Chris Woakes swings the ball less than Jimmy Anderson and seams it less than Stuart Broad. As an all-rounder, he isn’t as striking or dynamic as Ben Stokes. He’s still good though, isn’t he?
For several years, England figured that even if there wasn’t an exact Chris-Woakes-shaped hole in their side, he was worth picking anyway. In England, this generally worked. Outside England, it generally did not work.
The ball tends to swing and seam for longer in England, which means it often makes sense to pick another new ball bowler as your first change bowler. In most countries, that doesn’t work. The new ball window is smaller, so things can quickly end up looking a bit fast-medium.
In England, Chris Woakes averages 35.16 with the bat and 22.10 with the ball. If we impose a 30-wicket qualification criterion, a grand total of two cricketers have managed those sorts of figures across an entire Test career: Keith Miller (36.97 and 22.97) and Imran Khan (37.69 and 22.81). That is okay company to be keeping. (It would certainly make for some interesting chats.)
Outside England, Chris Woakes averages 19.00 with the bat and 51.68 with the ball. And that is shit.
There are two by-products of this bipolar output. The first is that English people who only pay attention to cricket in the summer think that Chris Woakes is the dog’s bollocks and cannot comprehend why everyone else doesn’t necessarily feel the same. The second is that England no longer pick Woakes away from home.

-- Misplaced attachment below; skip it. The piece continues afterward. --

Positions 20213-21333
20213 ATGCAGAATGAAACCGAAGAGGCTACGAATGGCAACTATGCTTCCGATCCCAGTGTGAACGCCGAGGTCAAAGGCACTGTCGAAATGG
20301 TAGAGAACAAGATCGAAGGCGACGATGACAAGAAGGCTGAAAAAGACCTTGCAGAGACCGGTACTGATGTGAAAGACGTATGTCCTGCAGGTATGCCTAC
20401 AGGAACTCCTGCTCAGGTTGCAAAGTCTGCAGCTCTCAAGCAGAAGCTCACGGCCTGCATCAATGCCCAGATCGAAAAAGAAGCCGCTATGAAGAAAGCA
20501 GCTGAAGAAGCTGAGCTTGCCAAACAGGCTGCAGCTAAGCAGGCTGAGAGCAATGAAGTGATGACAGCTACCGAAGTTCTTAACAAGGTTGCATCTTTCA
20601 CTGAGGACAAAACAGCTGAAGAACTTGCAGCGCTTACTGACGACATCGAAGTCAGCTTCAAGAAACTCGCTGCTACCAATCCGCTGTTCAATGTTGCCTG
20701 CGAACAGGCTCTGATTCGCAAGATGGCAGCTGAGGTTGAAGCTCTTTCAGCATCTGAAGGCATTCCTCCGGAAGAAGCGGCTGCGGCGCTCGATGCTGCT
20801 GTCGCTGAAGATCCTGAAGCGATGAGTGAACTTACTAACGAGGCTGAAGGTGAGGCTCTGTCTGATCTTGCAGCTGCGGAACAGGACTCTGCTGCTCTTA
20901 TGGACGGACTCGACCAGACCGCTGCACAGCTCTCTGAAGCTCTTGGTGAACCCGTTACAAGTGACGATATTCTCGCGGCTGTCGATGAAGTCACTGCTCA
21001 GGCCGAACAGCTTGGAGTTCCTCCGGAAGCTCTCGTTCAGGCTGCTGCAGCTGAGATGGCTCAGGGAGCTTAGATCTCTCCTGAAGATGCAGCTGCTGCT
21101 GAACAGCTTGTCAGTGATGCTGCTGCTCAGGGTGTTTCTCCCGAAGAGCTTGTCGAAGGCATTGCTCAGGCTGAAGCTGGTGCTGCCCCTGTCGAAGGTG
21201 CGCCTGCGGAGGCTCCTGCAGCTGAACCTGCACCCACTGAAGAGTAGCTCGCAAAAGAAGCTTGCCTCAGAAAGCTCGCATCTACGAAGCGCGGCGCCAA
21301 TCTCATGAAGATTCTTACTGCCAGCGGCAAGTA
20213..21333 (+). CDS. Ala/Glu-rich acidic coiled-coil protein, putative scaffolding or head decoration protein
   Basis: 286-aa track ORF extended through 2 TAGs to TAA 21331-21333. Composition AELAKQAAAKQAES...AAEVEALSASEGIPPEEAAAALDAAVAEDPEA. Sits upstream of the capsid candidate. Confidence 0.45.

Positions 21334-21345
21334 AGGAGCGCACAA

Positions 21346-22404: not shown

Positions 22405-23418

Because really, it’s been a while.
Woakes has played 14 of his 36 Tests overseas, which is not an insignificant number. However, this breaks down as follows.
- 2015 – one Test
- 2016 – six Tests
- 2017 – four Tests
- 2018 – one Test
- 2019 – one Test
- 2020 – one Test
It’s worth asking whether Woakes is the same bowler now as he was in 2016/17.
In many respects – no. He has learned a bit. We believe he’s got the ‘wobble seam’ delivery these days and he also has a beard.
In a broader sense – yes. He’s still an accurate fast-medium bowler who swings it a bit and seams it a bit. He’s still a new ball bowler, in other words.
So here’s another question. And also an immediate follow-up question. And then a second follow-up question off the back of that first follow-up question.
Is there anything more that Chris Woakes himself could do to earn selection in England’s overseas XI? Or is he basically at the mercy of circumstance, waiting for rest, rotation or retirement to create a new ball vacancy? And is he even the next in line to be picked as a new ball bowler should that vacancy actually arise?
We would go with: not really, yes and probably.
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